How to Lower Triglycerides
Triglyceride levels should be less than 150, and these levels should be considered in relation to reducing the risk of atherosclerosis, which can lead to heart attacks. Discover how bad cholesterol increases the risk of cardiovascular disease with help from a board-certified medical doctor in this free video on lowering triglycerides.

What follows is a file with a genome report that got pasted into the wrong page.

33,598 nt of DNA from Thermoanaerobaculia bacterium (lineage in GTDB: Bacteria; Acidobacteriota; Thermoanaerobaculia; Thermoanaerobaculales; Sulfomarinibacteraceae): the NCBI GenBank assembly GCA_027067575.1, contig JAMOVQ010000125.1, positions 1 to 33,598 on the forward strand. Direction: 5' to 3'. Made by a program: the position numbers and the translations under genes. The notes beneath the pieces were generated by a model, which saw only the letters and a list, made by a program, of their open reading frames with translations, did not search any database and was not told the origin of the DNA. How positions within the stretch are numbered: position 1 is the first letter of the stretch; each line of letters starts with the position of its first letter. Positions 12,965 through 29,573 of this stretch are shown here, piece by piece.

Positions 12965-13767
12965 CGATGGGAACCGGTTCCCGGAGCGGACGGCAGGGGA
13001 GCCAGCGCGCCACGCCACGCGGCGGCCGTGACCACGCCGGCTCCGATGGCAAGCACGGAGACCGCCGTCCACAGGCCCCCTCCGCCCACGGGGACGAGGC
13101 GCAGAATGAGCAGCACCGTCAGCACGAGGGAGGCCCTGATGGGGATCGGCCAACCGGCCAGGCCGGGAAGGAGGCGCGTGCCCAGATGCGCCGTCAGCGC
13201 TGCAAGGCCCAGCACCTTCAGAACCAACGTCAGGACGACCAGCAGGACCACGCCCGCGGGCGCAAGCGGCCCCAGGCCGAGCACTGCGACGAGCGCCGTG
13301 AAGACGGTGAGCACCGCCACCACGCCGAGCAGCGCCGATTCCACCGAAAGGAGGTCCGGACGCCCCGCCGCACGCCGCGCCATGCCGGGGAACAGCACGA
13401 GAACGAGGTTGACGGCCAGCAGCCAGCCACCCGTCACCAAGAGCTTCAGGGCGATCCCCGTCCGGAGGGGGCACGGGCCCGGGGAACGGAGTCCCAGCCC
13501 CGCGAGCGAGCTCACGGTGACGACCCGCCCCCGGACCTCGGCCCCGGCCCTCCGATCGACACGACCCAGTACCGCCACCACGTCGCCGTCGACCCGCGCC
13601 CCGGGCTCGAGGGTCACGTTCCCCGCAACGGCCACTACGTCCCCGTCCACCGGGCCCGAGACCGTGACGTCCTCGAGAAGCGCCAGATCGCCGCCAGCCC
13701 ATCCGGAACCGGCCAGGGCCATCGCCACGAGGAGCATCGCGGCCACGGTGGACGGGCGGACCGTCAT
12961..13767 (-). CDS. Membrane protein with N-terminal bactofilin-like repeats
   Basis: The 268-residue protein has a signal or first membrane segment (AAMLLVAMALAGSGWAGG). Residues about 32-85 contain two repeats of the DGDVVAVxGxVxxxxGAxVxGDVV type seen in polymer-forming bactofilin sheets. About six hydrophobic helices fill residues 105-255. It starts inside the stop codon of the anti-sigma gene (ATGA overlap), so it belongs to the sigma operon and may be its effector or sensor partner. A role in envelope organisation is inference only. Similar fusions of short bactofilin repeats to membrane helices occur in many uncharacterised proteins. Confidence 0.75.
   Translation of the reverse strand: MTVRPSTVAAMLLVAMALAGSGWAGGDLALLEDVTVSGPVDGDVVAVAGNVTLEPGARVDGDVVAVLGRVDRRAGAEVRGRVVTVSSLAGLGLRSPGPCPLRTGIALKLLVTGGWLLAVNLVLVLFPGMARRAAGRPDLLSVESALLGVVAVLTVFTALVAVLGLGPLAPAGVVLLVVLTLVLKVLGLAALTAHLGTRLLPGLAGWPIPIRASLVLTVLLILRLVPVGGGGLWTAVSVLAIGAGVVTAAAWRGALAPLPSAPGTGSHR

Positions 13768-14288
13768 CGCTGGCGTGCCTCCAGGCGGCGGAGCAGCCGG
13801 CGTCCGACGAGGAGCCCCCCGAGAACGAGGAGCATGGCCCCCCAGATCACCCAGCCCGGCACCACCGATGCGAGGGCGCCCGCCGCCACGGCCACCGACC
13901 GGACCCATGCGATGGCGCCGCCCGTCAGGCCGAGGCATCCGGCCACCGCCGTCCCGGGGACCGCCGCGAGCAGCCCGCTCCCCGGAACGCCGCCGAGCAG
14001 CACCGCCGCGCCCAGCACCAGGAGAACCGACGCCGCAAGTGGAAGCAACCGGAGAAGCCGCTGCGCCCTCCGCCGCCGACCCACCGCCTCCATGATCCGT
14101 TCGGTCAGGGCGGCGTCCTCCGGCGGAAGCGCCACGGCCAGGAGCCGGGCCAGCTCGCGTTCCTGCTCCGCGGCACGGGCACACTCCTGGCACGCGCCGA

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Hi, I'm Doctor Margaret Collins-Hill with Consults in Hypertension in Wilmington, North Carolina. The question this evening is how to lower triglycerides. When you have your triglycerides measured by your doctor, he or she will ask you to fast because immediately after eating your triglyceride levels may be very high. Triglycerides definitely are put in to the pot of bad cholesterol, and are considered when you're thinking about reducing your risk of atherosclerosis which cause heart attacks, strokes and other vessel diseases. To be fair, however, the data supporting lowering triglycerides is a little more shaky. Triglycerides, ideally are less than a hundred and fifty. And generally, at the level of two hundred and above, they are treated with medication. There are certain inherited disorders where triglycerides are extremely high and this may cause not only atherosclerosis but pancreatic damage and other problems. When you have your triglycerides levels checked be sure that you've eaten nothing between ten and twelve hours prior to the test. Your LDL or bad cholesterol, will also have to be measured in this circumstance. When you sit down with your doctor, he will tell you, he or she will tell you the level of your bad cholesterol and your good cholesterol. Bad cholesterol increases your risk of cardiovascular disease, good cholesterol lowers it. So when you're thinking about triglyceride levels, think about it in the bigger picture. Lowering cholesterol in addition to controlling blood pressure and diabetes, not smoking and trying to live a healthy life style with plenty of fruits and vegetables, low fats and plenty of fiber, will help you avoid heart attacks, strokes and the other ravages of atheroscleronic disease. So, know your triglycerides, know your cholesterol.